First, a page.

4. That God would testify his gracious acceptance of the sacrifices he offered with his prayers, according to the law of that time, before he went out on a dangerous expedition: The Lord remember all thy offerings and accept thy burnt-sacrifices (v. 3), or turn them to ashes; that is, "The Lord give thee the victory and success which thou didst by prayer with sacrifices ask of him, and thereby give as full proof of his acceptance of the sacrifice as ever he did by kindling it with fire from heaven." By this we may now know that God accepts our spiritual sacrifices, if by his Spirit he kindles in our souls a holy fire of pious and divine affection and with that makes our hearts burn within us.
5. That God would crown all his enterprises and noble designs for the public welfare with the desired success (v. 4): The Lord grant thee according to thy own heart. This they might in faith pray for, because they knew David was a man after God's own heart, and would design nothing but what was pleasing to him. Those who make it their business to glorify God may expect that God will, in one way or other, gratify them: and those who walk in his counsel may promise themselves that he will fulfil theirs. Thou shalt devise a thing and it shall be established unto thee.
II. What confidence they had of an answer of peace to these petitions for themselves and their good king (v. 5): "We will rejoice in thy salvation. We that are subjects will rejoice in the preservation and prosperity of our prince;" or, rather, "In thy salvation, O God! in thy power and promise to save, will we rejoice; that is it which we depend upon now, and which, in the issue, we shall have occasion greatly to rejoice in." Those that have their eye still upon the salvation of the Lord shall have their hearts filled with the joy of that salvation: In the name of our God will we set up our banners. 1. "We will wage war in his name; we will see that our cause be good and make his glory our end in every expedition; we will ask counsel at his mouth, and take him along with us; we will follow his direction, implore his aid and depend upon it, and refer the issue to him." David went against Goliath in the name of the Lord of hosts, 1 Sam. xvii. 45. (2.) "We will celebrate our victories in his name. When we lift up our banners in triumph, and set up our trophies, it shall be in the name of our God; he shall have all the glory of our success, and no instrument shall have any part of the honour that is due to him."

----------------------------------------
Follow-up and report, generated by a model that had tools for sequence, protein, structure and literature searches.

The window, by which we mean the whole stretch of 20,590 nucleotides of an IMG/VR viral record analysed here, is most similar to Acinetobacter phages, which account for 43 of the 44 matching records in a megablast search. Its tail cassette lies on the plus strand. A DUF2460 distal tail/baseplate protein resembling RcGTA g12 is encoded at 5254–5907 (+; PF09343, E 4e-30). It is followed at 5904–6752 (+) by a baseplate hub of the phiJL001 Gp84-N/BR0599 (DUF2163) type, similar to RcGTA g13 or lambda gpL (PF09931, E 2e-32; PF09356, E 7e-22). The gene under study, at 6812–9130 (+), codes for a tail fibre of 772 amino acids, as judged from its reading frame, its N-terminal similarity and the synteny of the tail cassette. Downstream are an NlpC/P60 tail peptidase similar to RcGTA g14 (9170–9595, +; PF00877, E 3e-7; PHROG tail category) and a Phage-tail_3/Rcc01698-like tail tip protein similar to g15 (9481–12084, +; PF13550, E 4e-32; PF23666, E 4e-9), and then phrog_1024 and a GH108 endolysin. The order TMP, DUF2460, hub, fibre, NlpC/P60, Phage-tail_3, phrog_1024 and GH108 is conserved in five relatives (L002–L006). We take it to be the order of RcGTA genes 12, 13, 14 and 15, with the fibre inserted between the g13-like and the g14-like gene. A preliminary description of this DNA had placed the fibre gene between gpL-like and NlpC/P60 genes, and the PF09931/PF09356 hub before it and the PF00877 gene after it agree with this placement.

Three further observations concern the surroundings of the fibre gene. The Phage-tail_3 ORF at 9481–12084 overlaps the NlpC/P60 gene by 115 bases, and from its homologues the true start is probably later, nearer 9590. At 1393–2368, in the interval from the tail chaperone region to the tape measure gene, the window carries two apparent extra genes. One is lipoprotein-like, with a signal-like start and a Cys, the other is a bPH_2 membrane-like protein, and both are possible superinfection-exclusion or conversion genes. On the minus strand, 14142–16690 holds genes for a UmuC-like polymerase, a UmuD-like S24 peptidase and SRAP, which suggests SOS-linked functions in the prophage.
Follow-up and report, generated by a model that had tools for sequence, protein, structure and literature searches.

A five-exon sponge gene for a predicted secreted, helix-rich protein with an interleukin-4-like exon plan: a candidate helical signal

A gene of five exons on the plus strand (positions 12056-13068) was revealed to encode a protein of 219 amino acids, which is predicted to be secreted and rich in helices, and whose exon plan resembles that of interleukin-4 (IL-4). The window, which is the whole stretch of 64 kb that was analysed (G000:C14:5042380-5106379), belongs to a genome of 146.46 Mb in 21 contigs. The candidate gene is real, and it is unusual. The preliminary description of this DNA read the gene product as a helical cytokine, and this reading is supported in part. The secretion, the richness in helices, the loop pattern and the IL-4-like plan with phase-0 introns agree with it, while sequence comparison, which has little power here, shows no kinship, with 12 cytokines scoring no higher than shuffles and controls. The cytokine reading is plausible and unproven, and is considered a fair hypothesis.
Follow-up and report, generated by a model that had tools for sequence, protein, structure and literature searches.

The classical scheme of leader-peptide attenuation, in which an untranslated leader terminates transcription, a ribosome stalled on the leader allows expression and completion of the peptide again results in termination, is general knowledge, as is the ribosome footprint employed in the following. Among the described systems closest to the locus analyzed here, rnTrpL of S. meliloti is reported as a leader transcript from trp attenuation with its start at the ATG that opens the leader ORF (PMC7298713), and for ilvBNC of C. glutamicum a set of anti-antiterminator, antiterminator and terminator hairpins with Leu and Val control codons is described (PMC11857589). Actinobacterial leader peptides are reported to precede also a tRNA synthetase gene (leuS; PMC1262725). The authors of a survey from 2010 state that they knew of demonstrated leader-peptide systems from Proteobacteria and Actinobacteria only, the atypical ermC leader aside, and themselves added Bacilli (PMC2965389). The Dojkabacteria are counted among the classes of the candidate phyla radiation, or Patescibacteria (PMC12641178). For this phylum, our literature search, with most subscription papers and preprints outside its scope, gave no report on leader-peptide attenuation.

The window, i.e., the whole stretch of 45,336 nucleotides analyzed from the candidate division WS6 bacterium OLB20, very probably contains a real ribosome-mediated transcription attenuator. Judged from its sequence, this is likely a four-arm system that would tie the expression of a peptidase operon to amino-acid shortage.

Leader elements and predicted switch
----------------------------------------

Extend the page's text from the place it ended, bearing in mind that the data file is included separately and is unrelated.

In singing this we ought to offer up to God our hearty good wishes to the good government we are under and to the prosperity of it. But we may look further; these prayers for David are prophecies concerning Christ the Son of David, and in him they were abundantly answered; he undertook the work of our redemption, and made war upon the powers of darkness. In the day of trouble, when his soul was exceedingly sorrowful, the Lord heard him, heard him in that he feared (Heb. v. 7), sent him help out of the sanctuary, sent an angel from heaven to strengthen him, took cognizance of his offering when he made his soul an offering for sin, and accepted his burnt-sacrifice, turned it to ashes, the fire that should have fastened upon the sinner fastening upon the sacrifice, with which God was well pleased. And he granted him according to his own heart, made him to see of the travail of his soul, to his satisfaction, prospered his good pleasure in his hand, fulfilled all his petitions for himself and us; for him the Father heareth always and his intercession is ever prevailing.
|The Subject's Prayer for the Sovereign.|
6 Now know I that the LORD saveth his anointed; he will hear him from his holy heaven with the saving strength of his right hand. 7 Some trust in chariots, and some in horses: but we will remember the name of the LORD our God. 8 They are brought down and fallen: but we are risen, and stand upright. 9 Save, LORD: let the king hear us when we call.